NO.22 NIKKI GARDHAM: UP OUR STREET - 8 Holland Street's neighbours, near and far


The past is a foreign country and, yes, they do things differently there, but artist Nikki Gardham is comforted by that thought...

"We are trained as we grow," Nikki explains, "to look for a route that others have passed through before us." Her works on canvas and paper - now showing in our London and Bath galleries - with their amorphous figures are a reminder that, within our surroundings, we are merely one in a line of passers-by.


From her studio in the London Docklands, those that have come before are all around too. Originally built by Irish dockers settling in the area and later a school, its previous inhabitants are clear to see in pint-sized sinks and painted murals along the corridors. For Nikki, it provides ample space and, crucially, a place “to go and be, especially if other areas of life are challenging”.


The studio hums to the chitchat of the radio – inspired by the tales spun from folksongs by Shirley & Dolly Collins who, Nikki admits, gets her feeling enthused and tingly, “they’re painting a picture with their voices.” For Nikki narrative is, undoubtedly, an overriding theme in her canvases and works on paper. It may be implied by the wisp of a figure in the corner, or a faint path in the grass. We are seeing something transitory. The vistas may be inspired by different places, but the conditions are similar. “We went to the Himalayas and the hills and the valleys and the high, high horizons and massive sky, I suppose, reminded me of Wales!” Nikki seeks out the scars left by those who have come before, close to home in Epping Forest, where there are neolithic barrows which, she points out have seen thousands of years and will see thousands more years to come. “I think Grayson Perry said something like ‘you should go for the most difficult path’ but that’s just not human nature. Human nature is to seek other humans out - when I see a path in the woods I think, ‘oh, who has been here before?’”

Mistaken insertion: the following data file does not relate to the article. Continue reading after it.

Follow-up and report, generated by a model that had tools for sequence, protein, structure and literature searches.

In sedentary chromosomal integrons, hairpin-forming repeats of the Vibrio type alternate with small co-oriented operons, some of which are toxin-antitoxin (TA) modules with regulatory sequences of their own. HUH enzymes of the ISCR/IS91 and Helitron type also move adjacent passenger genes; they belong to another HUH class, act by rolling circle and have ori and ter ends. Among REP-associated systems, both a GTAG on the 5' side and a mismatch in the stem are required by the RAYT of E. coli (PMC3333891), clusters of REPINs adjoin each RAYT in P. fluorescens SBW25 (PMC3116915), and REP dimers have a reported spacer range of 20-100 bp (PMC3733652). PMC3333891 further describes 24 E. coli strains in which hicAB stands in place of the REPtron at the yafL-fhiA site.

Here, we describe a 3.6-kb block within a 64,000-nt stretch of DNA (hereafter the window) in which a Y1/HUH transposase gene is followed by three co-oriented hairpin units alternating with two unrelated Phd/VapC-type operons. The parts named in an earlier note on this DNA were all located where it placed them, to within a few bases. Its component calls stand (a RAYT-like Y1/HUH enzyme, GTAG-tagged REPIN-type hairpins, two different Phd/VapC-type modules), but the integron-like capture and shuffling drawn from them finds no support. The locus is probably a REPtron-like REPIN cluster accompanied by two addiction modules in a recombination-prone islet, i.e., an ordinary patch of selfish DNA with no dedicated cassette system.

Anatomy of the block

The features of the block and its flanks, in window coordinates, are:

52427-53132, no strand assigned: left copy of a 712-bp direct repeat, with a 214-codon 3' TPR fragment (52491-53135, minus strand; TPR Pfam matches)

Installation Views